Tibetan healing for balanced ease

Another dose of Tibetan healing
I’m sitting cross-legged on a cushion, mesmerised by the intense stare of the huge golden statue in front of me. Incense saunters around the room and a rhythmic low chanting thickens the air. A deep feeling of peace inches through my body and my mind stills. I’m at a Tibetan Buddhist centre, not up in the Himalayas, but just outside Doncaster.

Many years ago I met Kate Roddick , a practitioner of Tibetan healing, who practices in Edinburgh. Kate is one of the great wisdom keepers, an incredible teacher who imparts her knowledge with clarity, kindness and a delicious sense of humour. So when she said she was offering a workshop at Gomde Lindholme Hall Buddhist Centre in South Yorkshire, I swiftly booked.

Gomde is effectively an island, surrounded by ancient wetlands. The centre runs regular retreats and seminars, and offers a weekly meditation group for anyone interested in finding out more about Buddhist philosophy and practice. It’s a warm, welcoming place and, blissfully, doesn’t cost the earth.

Kate’s fundamental teaching for the weekend is that we should ‘think BIG’- each letter of the word reminding us of three vital points. B is for Birth, what Buddhists call our ‘precious human birth’. ‘We’ve got it all really, simply because we’re here,’ she says. It stops me in my tracks. She’s right. We have a huge opportunity, just being alive at this time, with the people around us. Life really is precious and everything is an opportunity.

The ‘I’ stands for Impermanence, another vital Buddhist concept. ‘Everything changes all the time,’ says Kate. ‘We tend to freeze-frame – we have this notion that ‘this is who I am’ but we are much greater than that. Things are changing and we change with them.’ There is sadness here, of course, but also freedom.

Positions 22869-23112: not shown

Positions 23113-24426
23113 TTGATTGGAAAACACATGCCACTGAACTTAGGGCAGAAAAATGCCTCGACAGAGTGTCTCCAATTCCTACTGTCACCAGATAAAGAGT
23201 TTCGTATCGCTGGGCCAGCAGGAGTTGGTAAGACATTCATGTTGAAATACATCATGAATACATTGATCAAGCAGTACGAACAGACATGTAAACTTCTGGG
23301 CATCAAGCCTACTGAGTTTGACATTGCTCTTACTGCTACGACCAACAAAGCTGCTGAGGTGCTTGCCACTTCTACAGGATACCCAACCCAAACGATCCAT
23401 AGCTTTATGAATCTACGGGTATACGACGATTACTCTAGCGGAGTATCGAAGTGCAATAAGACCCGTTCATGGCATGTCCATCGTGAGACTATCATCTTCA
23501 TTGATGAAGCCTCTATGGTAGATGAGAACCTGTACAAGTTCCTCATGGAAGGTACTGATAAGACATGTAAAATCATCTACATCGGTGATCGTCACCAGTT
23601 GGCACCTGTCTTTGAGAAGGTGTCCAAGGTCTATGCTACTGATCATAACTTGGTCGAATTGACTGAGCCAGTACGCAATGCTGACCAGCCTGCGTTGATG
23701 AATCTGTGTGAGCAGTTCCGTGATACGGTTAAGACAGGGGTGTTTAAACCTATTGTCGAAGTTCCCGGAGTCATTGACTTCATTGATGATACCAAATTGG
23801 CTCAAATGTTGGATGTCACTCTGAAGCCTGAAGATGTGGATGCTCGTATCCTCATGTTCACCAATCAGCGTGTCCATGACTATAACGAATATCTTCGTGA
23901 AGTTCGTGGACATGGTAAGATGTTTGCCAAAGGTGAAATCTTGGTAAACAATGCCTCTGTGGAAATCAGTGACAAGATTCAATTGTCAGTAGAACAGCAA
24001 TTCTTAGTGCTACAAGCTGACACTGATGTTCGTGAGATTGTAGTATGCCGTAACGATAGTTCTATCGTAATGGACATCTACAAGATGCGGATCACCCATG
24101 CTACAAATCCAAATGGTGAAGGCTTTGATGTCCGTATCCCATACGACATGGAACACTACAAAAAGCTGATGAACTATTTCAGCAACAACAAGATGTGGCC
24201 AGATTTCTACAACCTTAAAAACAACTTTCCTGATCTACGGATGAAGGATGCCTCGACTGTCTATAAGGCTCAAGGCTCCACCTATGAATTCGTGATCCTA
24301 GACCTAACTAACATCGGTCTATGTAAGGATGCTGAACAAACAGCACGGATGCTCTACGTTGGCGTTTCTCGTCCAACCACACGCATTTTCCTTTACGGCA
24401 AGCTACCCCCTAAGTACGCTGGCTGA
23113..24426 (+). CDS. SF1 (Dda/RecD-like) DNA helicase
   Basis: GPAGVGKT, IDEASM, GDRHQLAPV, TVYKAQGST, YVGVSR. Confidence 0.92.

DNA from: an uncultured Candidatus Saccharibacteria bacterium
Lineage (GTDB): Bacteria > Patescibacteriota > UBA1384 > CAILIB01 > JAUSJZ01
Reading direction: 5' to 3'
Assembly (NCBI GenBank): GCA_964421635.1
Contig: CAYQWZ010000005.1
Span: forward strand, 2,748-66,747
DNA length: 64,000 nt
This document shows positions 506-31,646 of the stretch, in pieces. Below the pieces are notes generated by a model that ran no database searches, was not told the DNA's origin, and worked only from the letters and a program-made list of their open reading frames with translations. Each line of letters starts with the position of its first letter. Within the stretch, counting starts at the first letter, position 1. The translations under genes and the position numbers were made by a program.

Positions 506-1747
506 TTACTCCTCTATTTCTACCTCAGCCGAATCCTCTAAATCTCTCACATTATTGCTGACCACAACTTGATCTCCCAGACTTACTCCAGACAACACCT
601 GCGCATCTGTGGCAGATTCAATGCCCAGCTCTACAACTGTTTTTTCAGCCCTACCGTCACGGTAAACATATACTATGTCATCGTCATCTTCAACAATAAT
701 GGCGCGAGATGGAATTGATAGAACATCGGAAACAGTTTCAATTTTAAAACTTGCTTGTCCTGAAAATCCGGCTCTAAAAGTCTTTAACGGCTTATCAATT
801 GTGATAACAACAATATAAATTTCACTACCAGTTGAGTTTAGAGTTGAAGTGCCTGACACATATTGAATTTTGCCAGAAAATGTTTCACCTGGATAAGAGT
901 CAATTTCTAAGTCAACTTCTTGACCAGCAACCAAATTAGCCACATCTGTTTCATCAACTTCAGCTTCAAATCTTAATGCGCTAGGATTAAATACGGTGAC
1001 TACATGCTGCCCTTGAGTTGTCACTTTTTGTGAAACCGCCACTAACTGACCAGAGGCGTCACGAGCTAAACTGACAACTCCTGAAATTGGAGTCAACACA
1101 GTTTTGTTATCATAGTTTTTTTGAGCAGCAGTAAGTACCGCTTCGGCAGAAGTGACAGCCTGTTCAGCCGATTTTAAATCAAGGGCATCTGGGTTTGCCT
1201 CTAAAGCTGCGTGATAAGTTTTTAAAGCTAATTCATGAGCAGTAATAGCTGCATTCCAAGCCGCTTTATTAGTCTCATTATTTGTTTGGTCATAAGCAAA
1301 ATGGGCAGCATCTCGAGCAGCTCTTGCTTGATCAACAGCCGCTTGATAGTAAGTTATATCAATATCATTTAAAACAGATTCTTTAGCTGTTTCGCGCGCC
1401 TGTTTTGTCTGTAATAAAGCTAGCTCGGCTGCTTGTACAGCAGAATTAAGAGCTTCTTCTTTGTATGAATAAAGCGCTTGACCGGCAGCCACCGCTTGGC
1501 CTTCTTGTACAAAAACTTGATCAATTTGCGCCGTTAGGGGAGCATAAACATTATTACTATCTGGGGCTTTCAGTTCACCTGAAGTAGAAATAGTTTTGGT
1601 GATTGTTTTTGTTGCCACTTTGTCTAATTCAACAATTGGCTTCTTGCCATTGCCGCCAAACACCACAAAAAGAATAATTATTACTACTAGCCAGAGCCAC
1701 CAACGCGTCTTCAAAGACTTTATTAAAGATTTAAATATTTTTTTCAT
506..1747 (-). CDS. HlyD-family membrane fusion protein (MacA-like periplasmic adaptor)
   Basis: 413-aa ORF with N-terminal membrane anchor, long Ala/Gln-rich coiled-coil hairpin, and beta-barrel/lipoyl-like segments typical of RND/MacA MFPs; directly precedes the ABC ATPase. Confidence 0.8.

Finally there is G – for gratefulness. ‘Have a feeling of gratefulness, even when things are difficult,’ says Kate. ‘Look at what is good in the situation. Obstacles can be a complete blessing, an inspiration.’

Well, that can be easier said than done. ‘It all comes down to changing how we think,’ Kate advises. ‘Our whole being is based on habitual thinking so, if we change our thinking, we change our lives. Our mind is the universe so we need to look after our mind and understand it.’
Meditation is obviously a key part of the equation but I also loved a simple exercise Kate gave us called Oaking.

Stand with your feet about shoulder-width apart. Now imagine you have roots that go right down to the centre of the earth while your branches sway gently in the air. Your mind is clear and still, like an ancient oak. ‘You can do it anywhere,’ says Kate. ‘When your train is late; when you feel the urge to have a big slice of cake. Just stand or sit, and ‘oak’ – it will bring you back to yourself.’

Try it – and notice the difference. Also, do check out Gomde – it’s a little oasis of peace in this hectic world.


Image by Atul Vinayak at Unsplash

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